Two capital murder trials are under way today in the Hillsborough County Courthouse. Local media has noted the large number of people on hand as two separate, large jury pools have been assembled for jury selection in the two cases. Humberto Delgado, Jr. is accused of killing Tampa police officer Michael Roberts. Vincent Brown is accused of killing Jennifer Johnson, the mother of his child.
The court has called 150 people for each jury pool. The 300 potential jurors are reportedly occupying entire lobbies on the first and sixth floors of the courthouse, managed by more than a dozen bailiffs. Another 50 potential jurors are apparently on standby, to be called later in the week if necessary. Each trial will seat a jury of 12 people plus several alternates.
Before a jury is chosen in each case, the court, prosecutors and defense attorneys will have the opportunity to question each potential juror. Some questioning will be done as a group; additional questioning will occur on a detailed, one-on-one basis. When necessary and appropriate, questioning may even occur privately, outside of the hearing of other potential jurors.
Questioning will include topics such as attitudes about the U.S. justice system, personal experiences with law enforcement and the courts, ability to sit on a jury for several weeks, knowledge of the case and any witnesses, opinions about the death penalty and ability to follow the court’s instructions of law.
For the most part, the jury for a death penalty case is much the same as for any other criminal jury. The jurors must listen impartially to the evidence and determine guilt after deliberation. If a defendant is convicted in a death penalty case, though, the jury’s job becomes much different. The court will ask for its recommendation as to whether a defendant should be executed.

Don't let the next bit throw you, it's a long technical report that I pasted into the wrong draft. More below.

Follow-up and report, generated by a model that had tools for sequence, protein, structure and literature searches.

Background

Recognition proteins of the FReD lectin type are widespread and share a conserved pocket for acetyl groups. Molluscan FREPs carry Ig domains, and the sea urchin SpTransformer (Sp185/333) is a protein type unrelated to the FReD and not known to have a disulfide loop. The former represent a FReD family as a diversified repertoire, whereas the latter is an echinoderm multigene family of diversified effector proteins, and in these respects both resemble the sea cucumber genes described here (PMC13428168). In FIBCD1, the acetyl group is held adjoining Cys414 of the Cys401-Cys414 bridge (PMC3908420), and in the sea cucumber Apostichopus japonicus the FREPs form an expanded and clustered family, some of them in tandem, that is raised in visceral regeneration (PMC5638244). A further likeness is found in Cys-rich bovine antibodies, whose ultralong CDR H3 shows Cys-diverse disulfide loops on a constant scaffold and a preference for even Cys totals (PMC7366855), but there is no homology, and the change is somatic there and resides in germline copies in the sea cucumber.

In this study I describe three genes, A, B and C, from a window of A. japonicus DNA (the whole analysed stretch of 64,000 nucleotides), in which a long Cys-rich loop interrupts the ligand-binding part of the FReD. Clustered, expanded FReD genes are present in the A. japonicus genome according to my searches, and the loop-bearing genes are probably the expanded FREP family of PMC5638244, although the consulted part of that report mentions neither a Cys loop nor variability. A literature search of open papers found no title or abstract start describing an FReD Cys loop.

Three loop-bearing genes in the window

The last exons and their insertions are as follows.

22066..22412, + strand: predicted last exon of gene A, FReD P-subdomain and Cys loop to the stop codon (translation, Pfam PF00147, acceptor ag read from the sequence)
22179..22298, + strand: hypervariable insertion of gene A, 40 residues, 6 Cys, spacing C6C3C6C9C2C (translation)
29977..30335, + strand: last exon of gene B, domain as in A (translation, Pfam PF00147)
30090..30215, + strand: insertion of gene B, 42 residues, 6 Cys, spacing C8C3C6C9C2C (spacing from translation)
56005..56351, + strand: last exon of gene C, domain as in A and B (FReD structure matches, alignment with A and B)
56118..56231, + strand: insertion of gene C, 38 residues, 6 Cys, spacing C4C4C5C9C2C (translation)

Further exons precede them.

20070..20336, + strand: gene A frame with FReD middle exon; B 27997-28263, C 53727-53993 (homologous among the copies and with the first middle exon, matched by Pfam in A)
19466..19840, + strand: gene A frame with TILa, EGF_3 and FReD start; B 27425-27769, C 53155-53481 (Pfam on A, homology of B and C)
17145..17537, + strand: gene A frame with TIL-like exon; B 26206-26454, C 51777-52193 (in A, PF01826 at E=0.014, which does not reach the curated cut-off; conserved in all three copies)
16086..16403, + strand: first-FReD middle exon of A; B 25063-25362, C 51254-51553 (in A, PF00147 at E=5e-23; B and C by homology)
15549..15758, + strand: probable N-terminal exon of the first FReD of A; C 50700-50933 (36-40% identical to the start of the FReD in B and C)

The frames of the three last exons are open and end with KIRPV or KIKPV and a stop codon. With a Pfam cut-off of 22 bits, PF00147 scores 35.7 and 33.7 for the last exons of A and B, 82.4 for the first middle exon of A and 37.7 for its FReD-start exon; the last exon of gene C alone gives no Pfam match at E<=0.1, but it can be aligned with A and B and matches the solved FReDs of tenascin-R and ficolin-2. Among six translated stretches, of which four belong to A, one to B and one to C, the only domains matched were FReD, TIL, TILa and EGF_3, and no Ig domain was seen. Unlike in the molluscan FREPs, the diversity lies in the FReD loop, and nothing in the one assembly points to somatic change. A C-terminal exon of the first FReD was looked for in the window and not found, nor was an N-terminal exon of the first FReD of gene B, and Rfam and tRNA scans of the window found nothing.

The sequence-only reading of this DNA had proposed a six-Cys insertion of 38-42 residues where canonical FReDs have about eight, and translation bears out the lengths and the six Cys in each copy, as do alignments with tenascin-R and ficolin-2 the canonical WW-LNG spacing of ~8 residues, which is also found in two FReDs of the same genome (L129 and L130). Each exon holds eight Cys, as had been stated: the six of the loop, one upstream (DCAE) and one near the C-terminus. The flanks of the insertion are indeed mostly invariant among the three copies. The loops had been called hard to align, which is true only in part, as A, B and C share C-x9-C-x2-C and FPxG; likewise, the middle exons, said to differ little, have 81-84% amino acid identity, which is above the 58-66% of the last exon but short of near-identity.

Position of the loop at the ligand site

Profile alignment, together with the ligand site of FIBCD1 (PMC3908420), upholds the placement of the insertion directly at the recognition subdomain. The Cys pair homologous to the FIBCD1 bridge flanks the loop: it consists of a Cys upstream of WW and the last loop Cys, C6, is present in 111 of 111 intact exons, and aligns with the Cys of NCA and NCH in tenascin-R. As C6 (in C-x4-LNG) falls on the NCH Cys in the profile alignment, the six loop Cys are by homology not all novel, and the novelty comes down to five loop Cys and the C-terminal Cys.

Before the jury is even chosen, the jurors must first be “death-qualified”. People who do not believe that the death penalty is ever warranted, in any case, cannot sit on a death penalty jury. Conversely, people who believe that every homicide warrants execution of the perpetrator are also barred from these juries. Qualified jurors must be able to follow the current Florida laws on capital punishment.
Florida state law allows for imposition of the death penalty under certain conditions. The jury and, if appropriate, the sentencing judge are required by statute to weigh specific aggravating factors against specific mitigating factors, keeping their minds open while listening to the evidence. Anyone who is unable to keep an open mind either way should not be seated on the jury.